In the spring of 1777, General Burgoyne was appointed to command a detachment of Sir Guy Carleton's army, destined to cross Lake Champlain, for the attack of Ticonderoga, and to effect a junction with the southern army. This gallant army, after encountering the greatest difficulties, and disputing every inch of ground with the Americans, infinitely superior in number, was obliged to throw down their arms by the convention of Saratoga. During this active campaign, Lord Petersham acted as an aide-de-camp to General Burgoyne, and his services in that arduous capacity were particularly noticed by the unfortunate General. Indeed, his Lordship was on the most intimate footing with all the Generals and other officers, particularly Brigadier-General Fraser, who died of the wounds he received in the action of the 7th of October.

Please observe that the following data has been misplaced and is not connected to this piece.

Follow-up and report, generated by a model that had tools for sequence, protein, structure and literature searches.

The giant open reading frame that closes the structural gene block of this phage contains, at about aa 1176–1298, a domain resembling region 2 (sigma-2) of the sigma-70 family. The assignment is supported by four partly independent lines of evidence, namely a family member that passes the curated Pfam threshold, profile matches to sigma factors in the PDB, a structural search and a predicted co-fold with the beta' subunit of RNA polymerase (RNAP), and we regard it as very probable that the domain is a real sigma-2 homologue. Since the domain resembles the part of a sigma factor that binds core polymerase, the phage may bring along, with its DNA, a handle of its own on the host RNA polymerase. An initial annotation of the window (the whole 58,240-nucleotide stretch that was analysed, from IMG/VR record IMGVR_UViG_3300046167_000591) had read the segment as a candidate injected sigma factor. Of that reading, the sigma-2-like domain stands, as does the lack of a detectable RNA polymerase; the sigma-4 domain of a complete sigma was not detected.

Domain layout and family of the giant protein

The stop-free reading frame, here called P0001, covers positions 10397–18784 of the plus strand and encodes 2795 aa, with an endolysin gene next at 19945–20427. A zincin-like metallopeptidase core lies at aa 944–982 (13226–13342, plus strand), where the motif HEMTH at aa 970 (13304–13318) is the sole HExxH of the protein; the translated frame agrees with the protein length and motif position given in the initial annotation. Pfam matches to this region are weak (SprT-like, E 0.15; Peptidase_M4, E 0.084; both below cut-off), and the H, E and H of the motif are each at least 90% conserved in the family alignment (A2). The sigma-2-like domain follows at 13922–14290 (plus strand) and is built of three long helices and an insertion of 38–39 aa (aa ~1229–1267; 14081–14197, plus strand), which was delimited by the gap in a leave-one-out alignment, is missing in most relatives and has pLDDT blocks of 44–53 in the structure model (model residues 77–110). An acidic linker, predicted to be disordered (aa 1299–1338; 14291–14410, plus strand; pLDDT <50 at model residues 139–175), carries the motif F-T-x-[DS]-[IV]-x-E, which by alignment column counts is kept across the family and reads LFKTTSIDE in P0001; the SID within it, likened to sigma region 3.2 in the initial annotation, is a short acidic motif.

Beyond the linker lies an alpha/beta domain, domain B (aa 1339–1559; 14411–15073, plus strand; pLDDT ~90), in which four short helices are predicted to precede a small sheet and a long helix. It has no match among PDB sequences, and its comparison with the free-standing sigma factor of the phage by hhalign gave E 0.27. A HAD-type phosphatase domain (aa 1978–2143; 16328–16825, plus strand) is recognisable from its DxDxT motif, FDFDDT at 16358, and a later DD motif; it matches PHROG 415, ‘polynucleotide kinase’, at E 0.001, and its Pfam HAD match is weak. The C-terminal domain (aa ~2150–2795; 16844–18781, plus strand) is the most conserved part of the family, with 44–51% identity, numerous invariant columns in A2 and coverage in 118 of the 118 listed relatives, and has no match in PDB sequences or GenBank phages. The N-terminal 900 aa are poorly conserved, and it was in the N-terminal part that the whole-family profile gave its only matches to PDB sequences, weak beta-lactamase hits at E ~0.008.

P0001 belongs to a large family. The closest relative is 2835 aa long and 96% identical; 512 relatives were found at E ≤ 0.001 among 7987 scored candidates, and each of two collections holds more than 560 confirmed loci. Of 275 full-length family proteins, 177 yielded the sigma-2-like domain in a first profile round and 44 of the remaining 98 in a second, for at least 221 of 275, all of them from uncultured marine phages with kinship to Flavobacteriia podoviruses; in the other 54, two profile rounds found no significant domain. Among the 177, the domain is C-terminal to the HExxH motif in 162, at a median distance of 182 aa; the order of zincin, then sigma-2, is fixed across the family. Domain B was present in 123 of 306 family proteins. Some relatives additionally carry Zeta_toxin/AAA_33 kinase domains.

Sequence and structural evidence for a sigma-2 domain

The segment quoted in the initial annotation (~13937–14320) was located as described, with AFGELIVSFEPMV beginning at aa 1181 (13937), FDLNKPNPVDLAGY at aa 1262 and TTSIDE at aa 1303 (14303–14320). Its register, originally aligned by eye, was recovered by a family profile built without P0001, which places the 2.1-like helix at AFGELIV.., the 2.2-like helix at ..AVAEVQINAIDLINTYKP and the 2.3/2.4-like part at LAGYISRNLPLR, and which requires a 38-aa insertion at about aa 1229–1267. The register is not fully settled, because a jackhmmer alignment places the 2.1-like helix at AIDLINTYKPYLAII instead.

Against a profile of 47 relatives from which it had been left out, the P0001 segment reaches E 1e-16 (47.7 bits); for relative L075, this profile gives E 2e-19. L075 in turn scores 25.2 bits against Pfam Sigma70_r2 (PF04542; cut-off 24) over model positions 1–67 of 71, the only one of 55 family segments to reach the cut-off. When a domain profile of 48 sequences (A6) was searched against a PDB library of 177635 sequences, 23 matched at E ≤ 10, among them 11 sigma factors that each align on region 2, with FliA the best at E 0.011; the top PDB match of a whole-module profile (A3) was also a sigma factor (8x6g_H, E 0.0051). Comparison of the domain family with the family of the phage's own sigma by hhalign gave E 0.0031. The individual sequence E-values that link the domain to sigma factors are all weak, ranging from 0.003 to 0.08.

After the disastrous issue of the campaign, Lord Petersham was sent to England with General Burgoyne's despatches, by the way of New York.
Shortly after his Lordship's arrival in London, he purchased, 16th January, 1778, a company in the Foot Guards. On the 22d of May, 1779 (having become Earl of Harringrington on the 1st of the preceding month), his Lordship married Jane, daughter and co-heiress of Sir John Fleming of Brompton Park, co. Middlesex, Bart.